I think this is a good time to share how our day to day life looks while we are working for $ on the West coast and working on our boat on the East coast. It’s crazy. It’s overwhelming. It’s a fantastic adventure that we are so glad to be doing. At home in SB Clark works as a Food Safety Consultant. He is busy in spring/summer working very long hours. In the fall/winter he is able to work about 2 days a week. This coincides nicely with hurricane season – home April to Sept and in Florida about 10 days a month the rest of the year. My work is flexible and home based, a perfect travel job.
Three of our four kids ages 22, 24 and 27 are independent. Our youngest, Kelly, is 14 and in the 8th grade. She needed to homeschool after a surfing head injury kept her out of half of 7th grade. We decided to keep going with learning independently in order to have the flexibility to go to Florida. She goes to tutor center when we are in SB and works remotely over the internet when we are at the boat. We don’t get wifii at the boat so we found a cute coffee shop nearby that we ride our “boat” bikes to for school and work.
While we are at Migration, our days start with school, work, emails and calls, and making a list of what we want to work on for the day. We also want to enjoy Ft. Lauderdale so making time for the beach and the dinghy, biking around downtown, going out to the restaurants and of course the endless trips to West Marine and Boat Owners Warehouse is always a challenge. Lots of waterways mean lots of drawbridges so it can take a lot longer to travel around town there. We try to minimize the number of times we go out so we have more time to work on the boat.
Kelly is also a competitive surfer which adds a fun but time consuming aspect to our life. We bought her a board at a local surf shop in Florida and found a few of the best spots to take her out. This means even more time driving and in the water but It’s important for her to continue her activities and be ready for competitions when she’s home. It also means getting to know a completely different type of surf and conditions than her home surf so a good lesson for her. We try to get her out at least twice during the trip. Socially, Kelly is very outgoing and open to friends of all ages and types, even the 2 great danes who live at our dock. This is one of the best things about homeschooling and traveling, kids see the world in a much broader way.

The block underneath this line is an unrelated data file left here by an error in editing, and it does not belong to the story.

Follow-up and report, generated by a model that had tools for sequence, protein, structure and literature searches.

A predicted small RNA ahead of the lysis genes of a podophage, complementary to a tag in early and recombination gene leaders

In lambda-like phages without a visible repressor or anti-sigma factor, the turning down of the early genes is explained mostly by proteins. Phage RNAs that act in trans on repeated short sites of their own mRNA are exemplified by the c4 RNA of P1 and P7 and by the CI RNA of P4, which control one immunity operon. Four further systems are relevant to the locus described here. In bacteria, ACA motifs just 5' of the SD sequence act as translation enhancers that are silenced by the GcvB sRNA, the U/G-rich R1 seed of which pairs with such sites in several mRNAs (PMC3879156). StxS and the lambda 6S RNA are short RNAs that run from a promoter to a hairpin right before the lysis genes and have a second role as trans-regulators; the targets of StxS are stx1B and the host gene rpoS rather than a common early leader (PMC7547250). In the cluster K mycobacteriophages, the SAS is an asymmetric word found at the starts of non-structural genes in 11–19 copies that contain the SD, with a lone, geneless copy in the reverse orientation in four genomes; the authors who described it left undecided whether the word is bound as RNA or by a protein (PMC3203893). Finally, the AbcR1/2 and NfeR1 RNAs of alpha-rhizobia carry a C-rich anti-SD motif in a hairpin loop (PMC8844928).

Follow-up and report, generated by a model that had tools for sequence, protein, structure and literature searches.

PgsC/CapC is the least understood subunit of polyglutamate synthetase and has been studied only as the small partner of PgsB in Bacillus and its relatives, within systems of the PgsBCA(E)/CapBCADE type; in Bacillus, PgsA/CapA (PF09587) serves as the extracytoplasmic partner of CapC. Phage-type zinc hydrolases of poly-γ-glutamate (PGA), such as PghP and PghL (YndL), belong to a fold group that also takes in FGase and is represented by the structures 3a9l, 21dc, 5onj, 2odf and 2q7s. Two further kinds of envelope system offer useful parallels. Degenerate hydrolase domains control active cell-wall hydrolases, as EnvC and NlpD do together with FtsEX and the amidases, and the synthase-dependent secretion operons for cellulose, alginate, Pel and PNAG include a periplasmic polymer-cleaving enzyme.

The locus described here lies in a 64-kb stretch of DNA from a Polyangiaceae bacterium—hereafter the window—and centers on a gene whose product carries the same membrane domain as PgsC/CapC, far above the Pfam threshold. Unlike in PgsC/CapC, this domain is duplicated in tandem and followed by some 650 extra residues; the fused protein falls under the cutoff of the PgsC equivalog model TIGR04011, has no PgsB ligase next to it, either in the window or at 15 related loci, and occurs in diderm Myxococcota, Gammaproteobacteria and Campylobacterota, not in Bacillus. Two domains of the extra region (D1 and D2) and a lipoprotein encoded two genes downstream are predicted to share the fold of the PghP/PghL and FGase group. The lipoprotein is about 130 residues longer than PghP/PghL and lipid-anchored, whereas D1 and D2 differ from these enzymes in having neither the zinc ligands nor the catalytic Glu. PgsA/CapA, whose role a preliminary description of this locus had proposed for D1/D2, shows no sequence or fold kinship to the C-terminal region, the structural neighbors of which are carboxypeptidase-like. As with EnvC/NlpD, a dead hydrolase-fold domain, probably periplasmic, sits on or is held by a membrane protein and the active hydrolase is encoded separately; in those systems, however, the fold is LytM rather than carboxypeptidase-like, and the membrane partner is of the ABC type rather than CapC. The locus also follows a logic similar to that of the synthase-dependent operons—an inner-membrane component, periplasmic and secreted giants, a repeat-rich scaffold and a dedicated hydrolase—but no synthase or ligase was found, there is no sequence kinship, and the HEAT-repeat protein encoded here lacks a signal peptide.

All in all, this first season in Florida has helped us to practice balance, flexibility, and patience. We were completely unrealistic in how much work we could get done on the boat. The learning curve has been steeper than we anticipated and EVERYTHING takes longer than we thought. That being said, we have enjoyed the area more than we thought and are comfortable operating in our floating home. Migration has truly become part of our family and we are more excited than ever to hit the open blue water and hang out in a serene anchorage with nothing but turquoise blue water around us!